I believe that some of the most beautiful lines in recorded scripture are preserved in Isaiah: "But he was wounded for our transgressions, he was bruised for our inequities: the chastisement of our peace was upon him; and with his stripes we are healed"
(Isaiah 53:5).

When first published, the King James Version was more often heard than read. As Gordon Campbell observed: "The text is prose, but it often has the pulse of poetry. Adam, blaming Eve for the fall, says: 'she gave me of the tree, and I did eat' (Genesis 3:12) – a perfect iambic pentameter [as used by Shakespeare] and one that Milton incorporated intact into Paradise Lost." (7)


The King James Version has a dignity that is befitting of solemn occasions:
(i) Numerous inauguration speeches of U.S. Presidents have incorporated versus of the King James Version of the Bible.
(ii) At the funeral of Princess Diana, Prime Minister Tony Blair quoted
1 Corinthians 13.
(iii) Lincoln, in his Gettysburg Address commenced: "Four score and seven years ago," but such language has a familiar ring to it. We read in Psalms 90:10 "The days of our years are three score and ten." Imagine if Lincoln had commenced his most famous of all addresses with: "Eighty-seven years ago our forefathers...." Somehow that fails to have the same punch and captivating power as "Four score and seven years ago."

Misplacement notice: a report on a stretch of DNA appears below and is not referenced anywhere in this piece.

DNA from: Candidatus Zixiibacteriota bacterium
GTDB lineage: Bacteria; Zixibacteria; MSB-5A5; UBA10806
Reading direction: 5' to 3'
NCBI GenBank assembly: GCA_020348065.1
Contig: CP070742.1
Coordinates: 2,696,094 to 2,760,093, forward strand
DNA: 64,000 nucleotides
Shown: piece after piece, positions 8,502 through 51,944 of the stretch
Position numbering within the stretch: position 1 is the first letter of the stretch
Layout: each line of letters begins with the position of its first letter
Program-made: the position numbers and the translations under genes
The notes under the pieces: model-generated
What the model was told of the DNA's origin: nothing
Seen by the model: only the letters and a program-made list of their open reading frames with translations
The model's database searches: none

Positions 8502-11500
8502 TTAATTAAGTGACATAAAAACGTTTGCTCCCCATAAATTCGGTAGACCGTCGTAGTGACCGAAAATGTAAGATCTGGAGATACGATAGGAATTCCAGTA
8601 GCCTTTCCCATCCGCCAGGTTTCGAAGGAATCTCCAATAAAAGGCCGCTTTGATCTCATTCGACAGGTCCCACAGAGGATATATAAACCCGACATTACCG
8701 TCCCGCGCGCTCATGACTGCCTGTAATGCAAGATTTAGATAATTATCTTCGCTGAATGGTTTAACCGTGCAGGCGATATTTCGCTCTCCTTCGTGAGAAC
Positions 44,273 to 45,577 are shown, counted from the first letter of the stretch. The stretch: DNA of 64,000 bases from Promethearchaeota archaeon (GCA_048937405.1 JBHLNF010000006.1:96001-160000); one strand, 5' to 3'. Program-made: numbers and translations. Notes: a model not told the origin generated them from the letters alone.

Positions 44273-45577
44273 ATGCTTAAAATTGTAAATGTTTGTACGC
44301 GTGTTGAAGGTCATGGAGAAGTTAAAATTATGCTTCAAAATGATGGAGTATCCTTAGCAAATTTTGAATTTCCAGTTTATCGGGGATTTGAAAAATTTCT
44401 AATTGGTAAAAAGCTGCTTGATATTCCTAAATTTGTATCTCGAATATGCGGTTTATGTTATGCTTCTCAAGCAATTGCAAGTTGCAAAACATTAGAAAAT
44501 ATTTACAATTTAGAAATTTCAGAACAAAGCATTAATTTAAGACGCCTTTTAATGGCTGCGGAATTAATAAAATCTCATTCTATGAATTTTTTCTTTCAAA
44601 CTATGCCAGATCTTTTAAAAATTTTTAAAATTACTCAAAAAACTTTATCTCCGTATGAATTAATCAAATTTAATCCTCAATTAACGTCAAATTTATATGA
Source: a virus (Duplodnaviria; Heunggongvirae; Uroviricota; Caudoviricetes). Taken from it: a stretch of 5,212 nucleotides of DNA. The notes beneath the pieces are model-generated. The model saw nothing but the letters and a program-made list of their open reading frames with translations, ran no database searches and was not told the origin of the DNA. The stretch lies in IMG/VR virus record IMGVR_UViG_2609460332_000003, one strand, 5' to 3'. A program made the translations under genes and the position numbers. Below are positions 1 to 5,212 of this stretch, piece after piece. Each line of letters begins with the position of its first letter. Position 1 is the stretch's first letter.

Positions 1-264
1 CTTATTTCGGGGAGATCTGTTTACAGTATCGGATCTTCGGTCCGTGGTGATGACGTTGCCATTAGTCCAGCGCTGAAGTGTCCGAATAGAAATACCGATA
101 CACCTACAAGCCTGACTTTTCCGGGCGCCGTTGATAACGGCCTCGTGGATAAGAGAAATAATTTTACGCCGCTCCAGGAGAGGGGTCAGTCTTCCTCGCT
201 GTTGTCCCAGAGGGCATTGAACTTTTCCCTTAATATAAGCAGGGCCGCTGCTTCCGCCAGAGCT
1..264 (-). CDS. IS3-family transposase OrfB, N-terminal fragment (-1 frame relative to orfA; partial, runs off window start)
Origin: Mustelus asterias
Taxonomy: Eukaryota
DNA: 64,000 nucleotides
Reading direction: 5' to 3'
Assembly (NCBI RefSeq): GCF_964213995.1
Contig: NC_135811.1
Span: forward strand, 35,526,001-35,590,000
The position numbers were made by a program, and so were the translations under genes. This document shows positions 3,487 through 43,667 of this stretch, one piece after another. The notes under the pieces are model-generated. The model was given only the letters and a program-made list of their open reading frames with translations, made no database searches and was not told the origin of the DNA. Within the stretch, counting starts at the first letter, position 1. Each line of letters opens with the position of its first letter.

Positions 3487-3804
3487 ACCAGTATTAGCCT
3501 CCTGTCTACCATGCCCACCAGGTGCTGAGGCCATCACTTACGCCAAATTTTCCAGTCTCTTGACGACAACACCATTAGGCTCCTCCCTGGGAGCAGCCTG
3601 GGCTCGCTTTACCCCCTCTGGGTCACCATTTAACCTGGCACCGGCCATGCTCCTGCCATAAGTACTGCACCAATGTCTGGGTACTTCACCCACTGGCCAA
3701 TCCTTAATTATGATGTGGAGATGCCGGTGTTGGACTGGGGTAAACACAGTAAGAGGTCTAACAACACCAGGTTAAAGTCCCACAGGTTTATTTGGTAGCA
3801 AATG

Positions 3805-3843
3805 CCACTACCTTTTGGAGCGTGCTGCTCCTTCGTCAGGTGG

In spite of the foregoing, the King James Version does receive some criticism today because it was derived in large measure from 12th century manuscripts that many scholars believe to be inferior in quality to manuscripts dated much earlier. Approximately 5700 New Testament manuscripts dating from about 125 A.D. through the 16th century have now been discovered.

10. The New International Version and Other Translations

Since the time of the King James Version of the Bible there have been many other translations, some of which are modernizations of the King James Version (i.e. The Revised Version and the New King James Version) while others are translations from earlier manuscripts. In most cases the doctrinal substance is remarkably identical to the King James Version.